There are certain multiples or factors, such as tax multipliers, that governments and economists use to design their fiscal policies. These multiples play an important role in the GDP of a country. What is the tax multiplier? What is the tax multiplier formula?
The tax multiplier is the amplification effect of a variation in taxes on aggregate demand. The reduction in taxes has the same effect on consumption and income as a rise in government spending. Generally, the tax multiplier is smaller than the spending multiplier.
The tax multiplier refers to the multiple by which GDP or gross domestic product increases (or decreases) in response to a decrease (or increase) in taxes. The final result is that the GDP increases by a multiple of initial tax decreases.
This tax multiplier is expressed as the negative marginal propensity to consume or MPC divided by the 1 minus MPC. It is the tax multiplier type that is easier to understand. So, we will first dwell on the way it is calculated. The basic formula for a simple tax multiplier is as follows:
Tax Multiplier = (–) MPC / MPS
Read on to learn more about the tax multiplier, what it is, what it is used for, its effects on GDP, its formula, and a sample of how you can use the tax multiplier formula.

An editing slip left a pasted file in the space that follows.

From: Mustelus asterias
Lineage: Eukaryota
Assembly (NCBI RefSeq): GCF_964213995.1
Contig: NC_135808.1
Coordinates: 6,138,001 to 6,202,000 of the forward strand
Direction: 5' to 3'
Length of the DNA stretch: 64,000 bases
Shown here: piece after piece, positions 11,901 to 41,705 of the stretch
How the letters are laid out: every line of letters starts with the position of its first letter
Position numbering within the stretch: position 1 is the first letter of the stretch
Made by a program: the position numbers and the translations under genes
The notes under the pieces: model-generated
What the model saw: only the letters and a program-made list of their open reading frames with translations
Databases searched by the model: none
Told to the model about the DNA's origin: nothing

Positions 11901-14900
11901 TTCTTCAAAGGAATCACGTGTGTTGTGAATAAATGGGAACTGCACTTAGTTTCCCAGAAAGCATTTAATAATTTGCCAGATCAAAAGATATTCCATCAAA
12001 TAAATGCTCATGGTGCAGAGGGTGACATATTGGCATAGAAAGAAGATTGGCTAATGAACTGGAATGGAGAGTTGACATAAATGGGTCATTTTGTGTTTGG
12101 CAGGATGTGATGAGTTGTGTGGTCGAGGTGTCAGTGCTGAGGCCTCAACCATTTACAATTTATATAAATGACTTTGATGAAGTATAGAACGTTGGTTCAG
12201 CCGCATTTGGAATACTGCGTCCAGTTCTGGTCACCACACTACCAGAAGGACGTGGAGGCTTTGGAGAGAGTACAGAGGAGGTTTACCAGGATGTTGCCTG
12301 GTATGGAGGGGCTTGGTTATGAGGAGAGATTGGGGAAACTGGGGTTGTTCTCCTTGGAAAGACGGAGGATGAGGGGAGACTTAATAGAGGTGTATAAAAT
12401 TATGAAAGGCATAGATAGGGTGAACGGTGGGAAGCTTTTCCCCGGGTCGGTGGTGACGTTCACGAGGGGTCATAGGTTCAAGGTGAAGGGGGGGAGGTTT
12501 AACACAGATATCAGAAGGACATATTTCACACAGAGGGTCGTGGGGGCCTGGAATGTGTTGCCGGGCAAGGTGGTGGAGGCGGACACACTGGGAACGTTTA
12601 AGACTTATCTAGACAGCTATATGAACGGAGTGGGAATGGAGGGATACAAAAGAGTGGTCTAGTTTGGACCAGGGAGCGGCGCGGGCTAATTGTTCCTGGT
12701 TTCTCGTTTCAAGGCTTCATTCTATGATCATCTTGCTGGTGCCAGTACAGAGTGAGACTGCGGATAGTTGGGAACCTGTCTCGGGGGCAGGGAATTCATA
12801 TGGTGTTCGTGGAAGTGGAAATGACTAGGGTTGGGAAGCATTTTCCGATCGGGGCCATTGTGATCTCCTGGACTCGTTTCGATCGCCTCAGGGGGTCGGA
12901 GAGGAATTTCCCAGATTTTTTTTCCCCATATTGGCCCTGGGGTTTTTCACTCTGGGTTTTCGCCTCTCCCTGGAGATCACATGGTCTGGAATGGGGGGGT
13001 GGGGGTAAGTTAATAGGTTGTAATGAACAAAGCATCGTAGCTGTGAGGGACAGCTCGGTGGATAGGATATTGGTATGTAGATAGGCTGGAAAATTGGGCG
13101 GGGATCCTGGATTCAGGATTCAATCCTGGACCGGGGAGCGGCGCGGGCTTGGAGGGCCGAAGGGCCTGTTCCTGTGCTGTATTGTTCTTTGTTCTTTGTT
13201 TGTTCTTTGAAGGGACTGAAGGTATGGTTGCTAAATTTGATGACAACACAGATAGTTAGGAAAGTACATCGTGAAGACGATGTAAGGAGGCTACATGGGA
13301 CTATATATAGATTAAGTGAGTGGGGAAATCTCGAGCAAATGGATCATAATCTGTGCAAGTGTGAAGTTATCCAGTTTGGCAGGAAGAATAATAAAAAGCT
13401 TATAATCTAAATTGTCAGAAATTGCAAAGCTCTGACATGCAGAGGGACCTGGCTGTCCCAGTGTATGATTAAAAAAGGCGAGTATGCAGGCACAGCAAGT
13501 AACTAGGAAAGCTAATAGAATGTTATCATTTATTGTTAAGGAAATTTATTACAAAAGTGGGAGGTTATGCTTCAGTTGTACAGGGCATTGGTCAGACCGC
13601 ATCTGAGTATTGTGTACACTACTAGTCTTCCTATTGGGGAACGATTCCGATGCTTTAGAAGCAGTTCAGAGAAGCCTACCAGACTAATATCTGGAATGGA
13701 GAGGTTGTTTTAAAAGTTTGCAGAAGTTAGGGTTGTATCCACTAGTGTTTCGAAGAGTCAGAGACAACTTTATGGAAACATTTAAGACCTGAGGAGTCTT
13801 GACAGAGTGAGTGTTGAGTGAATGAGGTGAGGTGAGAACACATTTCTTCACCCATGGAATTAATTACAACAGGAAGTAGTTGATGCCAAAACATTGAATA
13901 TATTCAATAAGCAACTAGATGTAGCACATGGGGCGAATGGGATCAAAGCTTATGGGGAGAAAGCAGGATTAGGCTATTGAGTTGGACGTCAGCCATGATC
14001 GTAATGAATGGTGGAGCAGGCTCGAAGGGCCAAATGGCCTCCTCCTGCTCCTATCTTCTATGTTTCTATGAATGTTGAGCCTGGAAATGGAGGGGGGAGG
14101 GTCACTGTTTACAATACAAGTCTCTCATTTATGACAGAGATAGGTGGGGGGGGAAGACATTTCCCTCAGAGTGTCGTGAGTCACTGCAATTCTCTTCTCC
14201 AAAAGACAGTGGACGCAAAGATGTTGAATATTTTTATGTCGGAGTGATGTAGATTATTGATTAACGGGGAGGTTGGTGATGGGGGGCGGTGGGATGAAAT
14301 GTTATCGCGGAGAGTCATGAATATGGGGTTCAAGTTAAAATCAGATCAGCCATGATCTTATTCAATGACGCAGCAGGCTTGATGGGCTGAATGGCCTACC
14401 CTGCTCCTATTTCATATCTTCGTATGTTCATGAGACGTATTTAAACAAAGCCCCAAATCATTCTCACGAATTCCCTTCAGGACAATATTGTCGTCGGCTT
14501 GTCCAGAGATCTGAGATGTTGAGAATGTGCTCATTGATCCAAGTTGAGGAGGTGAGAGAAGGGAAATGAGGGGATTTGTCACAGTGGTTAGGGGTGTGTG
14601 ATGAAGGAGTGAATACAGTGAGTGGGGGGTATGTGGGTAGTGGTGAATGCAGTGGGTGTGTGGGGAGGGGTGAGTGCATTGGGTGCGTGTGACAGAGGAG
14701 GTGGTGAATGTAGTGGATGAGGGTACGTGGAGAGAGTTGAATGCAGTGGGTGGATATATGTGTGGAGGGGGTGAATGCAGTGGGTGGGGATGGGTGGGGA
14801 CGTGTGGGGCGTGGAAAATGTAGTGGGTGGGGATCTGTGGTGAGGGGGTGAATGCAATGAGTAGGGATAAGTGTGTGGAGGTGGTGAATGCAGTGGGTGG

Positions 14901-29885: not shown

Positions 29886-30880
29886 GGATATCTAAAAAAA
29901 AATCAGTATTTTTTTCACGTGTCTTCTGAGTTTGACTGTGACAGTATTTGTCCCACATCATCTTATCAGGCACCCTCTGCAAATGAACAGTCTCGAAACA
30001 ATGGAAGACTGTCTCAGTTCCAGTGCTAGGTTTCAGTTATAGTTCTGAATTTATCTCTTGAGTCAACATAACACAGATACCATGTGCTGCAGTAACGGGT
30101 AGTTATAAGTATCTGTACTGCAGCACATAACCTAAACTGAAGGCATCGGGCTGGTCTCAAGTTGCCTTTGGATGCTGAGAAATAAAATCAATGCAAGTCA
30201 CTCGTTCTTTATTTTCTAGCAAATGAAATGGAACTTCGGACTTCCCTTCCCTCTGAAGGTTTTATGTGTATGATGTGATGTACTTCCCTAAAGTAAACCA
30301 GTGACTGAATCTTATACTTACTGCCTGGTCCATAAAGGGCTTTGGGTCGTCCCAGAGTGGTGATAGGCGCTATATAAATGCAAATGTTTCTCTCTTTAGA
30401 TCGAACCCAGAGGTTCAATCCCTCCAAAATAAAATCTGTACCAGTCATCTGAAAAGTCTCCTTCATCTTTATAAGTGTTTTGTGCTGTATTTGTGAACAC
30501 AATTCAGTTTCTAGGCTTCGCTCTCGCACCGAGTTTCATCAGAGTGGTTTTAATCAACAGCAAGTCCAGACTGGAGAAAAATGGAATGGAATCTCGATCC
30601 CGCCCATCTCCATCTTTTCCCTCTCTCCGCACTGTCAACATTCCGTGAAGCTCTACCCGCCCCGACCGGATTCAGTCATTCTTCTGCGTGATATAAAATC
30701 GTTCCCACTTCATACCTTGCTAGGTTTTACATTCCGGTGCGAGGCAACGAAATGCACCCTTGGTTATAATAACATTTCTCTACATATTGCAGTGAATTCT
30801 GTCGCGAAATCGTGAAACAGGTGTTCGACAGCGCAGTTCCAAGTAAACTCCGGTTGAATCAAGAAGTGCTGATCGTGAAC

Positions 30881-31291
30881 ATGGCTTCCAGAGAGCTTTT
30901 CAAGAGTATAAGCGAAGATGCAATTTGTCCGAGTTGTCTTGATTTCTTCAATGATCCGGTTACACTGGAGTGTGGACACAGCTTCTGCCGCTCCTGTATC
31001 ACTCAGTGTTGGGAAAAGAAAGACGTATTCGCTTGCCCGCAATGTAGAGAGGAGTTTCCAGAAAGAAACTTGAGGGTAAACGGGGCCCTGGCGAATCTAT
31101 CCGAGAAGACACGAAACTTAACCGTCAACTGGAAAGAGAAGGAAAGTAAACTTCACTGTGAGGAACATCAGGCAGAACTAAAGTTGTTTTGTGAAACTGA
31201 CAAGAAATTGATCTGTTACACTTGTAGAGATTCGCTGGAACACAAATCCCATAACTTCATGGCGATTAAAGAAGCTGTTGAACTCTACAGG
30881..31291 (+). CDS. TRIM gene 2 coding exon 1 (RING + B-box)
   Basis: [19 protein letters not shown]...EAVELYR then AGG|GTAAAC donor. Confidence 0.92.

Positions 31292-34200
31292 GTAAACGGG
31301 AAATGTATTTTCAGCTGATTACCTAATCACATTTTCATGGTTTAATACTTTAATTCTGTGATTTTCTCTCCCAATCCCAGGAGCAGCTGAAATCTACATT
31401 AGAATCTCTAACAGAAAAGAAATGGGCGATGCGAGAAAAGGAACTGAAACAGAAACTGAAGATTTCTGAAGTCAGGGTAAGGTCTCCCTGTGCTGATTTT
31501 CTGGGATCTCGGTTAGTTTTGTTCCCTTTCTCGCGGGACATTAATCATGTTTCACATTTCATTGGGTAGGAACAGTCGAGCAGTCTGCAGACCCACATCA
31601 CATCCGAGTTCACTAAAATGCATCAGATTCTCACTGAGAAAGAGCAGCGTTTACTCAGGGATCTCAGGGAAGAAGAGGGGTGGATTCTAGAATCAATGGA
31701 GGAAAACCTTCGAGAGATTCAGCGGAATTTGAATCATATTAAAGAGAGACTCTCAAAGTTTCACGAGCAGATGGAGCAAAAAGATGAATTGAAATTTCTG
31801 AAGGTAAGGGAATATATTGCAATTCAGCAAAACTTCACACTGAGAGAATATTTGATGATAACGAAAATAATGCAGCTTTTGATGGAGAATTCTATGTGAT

Tax Multiplier Explained [and Tax Multiplier Formula]
What is the tax multiplier? The magnification effect of a variation in taxes on aggregate demand is the tax multiplier. The reduction in taxes has the same effect on income and consumption as a rise in government spending. But the tax multiplier is less than the spending multiplier.
The tax multiplier works as the multiple by which GDP or gross domestic product increases (or decreases) in its reaction to a decrease (or increase) in taxes. The final result is that the GDP rises by a multiple of initial decreases in taxes.
To put it in another way, the tax multiplier is an economic formula that computes the effect of the variation in tax policies on consumption and output. There is a tax multiplier formula you can use for this purpose.
More Detailed Explanation of Tax Multiplier
Investors, economists, and governments widely use the term tax multiplier to analyze and evaluate how fiscal policy modifications in taxation impact the aggregate production of a country.
There are two types of tax multipliers, the simple and the complex tax multipliers. The multiplier they use will depend on whether the tax change affects only the consumption portion of GDP or if it affects all the elements of GDP.
Simple Tax Multiplier
The most commonly used is the simple tax multiplier. This TM suggests that only consumption expenditures are impacted in the aggregate production due to the changes made in the taxes imposed by the government.
The reality is, taxes that governments impose on their people affect the consumers’ disposable income. This, in turn, impacts both the people’s consumption rate and their savings.
Complex Tax Multiplier
On the other side of the coin, the complex multiplier suggests that a variation in the aggregate production that occurred because of a modification in government taxes impacts not only the consumption expenditures but also the aggregate expenditures.